Inflation: A Paper Tiger

The obvious headline from today’s Statistics Canada release is inflation rising to 1.3% in December, its highest level in almost a year. However, the Consumer Price Index actually decreased between November and December. The overall price level was down 0.3% in absolute terms and 0.1% on a seasonally-adjusted basis.

The annual inflation rate rose only due to a lower base of comparison. In other words, consumer prices had fallen even more between November and December of 2008. Going back a little further, the Consumer Price Index is still a full point below its pre-crisis peak (114.8 in December 2009 versus 115.8 in July 2008).

The Bank of Canada’s core inflation rate remained level at 1.5%, well short of the 2% target. Today’s data validates the central bank’s decision to keep interest rates at rock-bottom levels. The prospect of having to raise rates to quell inflation is far away.

On the contrary, the Bank of Canada should be contemplating monetary expansion to quell the Canadian dollar’s excessive rise. The loonie has recently run up above 96 US cents, the level envisioned by the last Monetary Policy Report.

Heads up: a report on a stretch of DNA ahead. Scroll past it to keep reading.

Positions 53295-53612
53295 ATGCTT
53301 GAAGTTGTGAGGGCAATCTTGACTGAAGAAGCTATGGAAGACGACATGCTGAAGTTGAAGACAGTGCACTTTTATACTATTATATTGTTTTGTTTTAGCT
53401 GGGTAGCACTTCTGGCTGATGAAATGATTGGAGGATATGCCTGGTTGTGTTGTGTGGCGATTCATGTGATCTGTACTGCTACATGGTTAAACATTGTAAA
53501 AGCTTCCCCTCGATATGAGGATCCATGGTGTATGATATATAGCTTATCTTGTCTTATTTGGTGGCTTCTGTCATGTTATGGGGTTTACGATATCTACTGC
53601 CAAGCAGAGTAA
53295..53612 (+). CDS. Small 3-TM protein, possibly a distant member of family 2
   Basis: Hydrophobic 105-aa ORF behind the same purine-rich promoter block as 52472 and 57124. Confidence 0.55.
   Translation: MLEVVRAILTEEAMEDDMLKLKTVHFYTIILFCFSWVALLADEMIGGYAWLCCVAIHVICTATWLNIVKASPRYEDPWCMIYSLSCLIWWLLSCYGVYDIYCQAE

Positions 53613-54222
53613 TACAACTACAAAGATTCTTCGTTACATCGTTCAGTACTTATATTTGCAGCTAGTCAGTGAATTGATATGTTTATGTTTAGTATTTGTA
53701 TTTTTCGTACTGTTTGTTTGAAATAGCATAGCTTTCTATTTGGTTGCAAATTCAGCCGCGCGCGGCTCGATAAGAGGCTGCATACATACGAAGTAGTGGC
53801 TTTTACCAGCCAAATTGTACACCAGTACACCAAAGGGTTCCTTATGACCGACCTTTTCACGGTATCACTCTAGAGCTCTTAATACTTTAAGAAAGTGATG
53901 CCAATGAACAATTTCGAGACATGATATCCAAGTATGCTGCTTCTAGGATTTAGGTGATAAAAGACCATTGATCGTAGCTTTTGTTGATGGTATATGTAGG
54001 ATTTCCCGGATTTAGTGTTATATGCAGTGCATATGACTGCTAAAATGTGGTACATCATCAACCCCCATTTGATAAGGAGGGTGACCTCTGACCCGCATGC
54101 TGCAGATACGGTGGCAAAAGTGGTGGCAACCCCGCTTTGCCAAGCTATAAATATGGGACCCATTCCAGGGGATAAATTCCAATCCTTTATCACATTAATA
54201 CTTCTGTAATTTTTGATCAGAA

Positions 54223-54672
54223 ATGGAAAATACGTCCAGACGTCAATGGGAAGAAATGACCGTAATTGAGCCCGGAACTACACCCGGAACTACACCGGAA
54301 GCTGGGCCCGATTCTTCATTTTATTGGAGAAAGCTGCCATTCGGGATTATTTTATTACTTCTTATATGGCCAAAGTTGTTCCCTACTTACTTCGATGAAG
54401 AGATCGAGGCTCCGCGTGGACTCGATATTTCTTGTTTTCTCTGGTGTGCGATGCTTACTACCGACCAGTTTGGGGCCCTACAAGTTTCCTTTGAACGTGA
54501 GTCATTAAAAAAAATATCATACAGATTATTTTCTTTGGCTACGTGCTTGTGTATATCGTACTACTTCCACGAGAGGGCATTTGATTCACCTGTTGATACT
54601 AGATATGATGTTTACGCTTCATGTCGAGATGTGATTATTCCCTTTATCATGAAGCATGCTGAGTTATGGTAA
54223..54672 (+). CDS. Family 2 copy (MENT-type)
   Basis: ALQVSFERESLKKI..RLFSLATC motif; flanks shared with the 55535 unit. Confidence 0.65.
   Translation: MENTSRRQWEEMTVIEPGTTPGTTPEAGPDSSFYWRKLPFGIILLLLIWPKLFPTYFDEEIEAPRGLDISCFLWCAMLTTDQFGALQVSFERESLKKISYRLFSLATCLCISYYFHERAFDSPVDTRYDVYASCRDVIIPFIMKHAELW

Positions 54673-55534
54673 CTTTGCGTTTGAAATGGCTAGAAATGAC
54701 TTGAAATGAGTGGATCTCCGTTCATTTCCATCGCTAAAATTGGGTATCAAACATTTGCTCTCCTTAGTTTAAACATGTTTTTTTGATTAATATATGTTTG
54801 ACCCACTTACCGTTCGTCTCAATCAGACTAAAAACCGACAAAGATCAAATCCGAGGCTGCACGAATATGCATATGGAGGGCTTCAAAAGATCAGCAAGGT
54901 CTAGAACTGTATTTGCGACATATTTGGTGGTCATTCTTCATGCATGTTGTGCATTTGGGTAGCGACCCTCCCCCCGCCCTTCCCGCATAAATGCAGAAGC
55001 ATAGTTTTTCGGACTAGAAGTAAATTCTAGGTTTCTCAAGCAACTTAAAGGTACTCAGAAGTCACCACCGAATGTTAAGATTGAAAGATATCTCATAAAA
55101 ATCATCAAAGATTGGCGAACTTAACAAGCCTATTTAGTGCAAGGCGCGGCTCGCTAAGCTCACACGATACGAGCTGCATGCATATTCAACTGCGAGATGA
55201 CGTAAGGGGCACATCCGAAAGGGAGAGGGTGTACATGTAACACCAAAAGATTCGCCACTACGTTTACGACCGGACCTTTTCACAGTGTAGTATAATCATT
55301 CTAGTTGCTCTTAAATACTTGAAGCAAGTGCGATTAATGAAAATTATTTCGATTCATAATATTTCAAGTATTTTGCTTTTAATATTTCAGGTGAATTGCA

The OECD’s most recent figures on purchasing power parity indicate that the Canadian dollar should be worth 86 US cents. That level would be far more conducive to a recovery of output and employment in Canada’s export industries.

UPDATE (January 21): Quoted by Bloomberg

One comment

  • Hi Erin,
    Not sure what you are suggesting re monetary expansion with the overnight interest rate at 0.25%.

    I think the low inflation rate indicates there is plenty of room for additional federal government spending. I would propose more spending for the unemployed, native people, increases to OAS/GIS, a national pharmaceutical drug plan, high speed trains, public transport, to name a few.

    The resulting excess settlement balances in the banking system could be drained by the emission of 3 year bonds (currently at 1.75% interest) or not be neutralised at all and allowed to accumulate in the banking system at the 0.25% floor interest rate currently paid by the Bank of Canada. The latter would mean no increase in the level of federal government debt.

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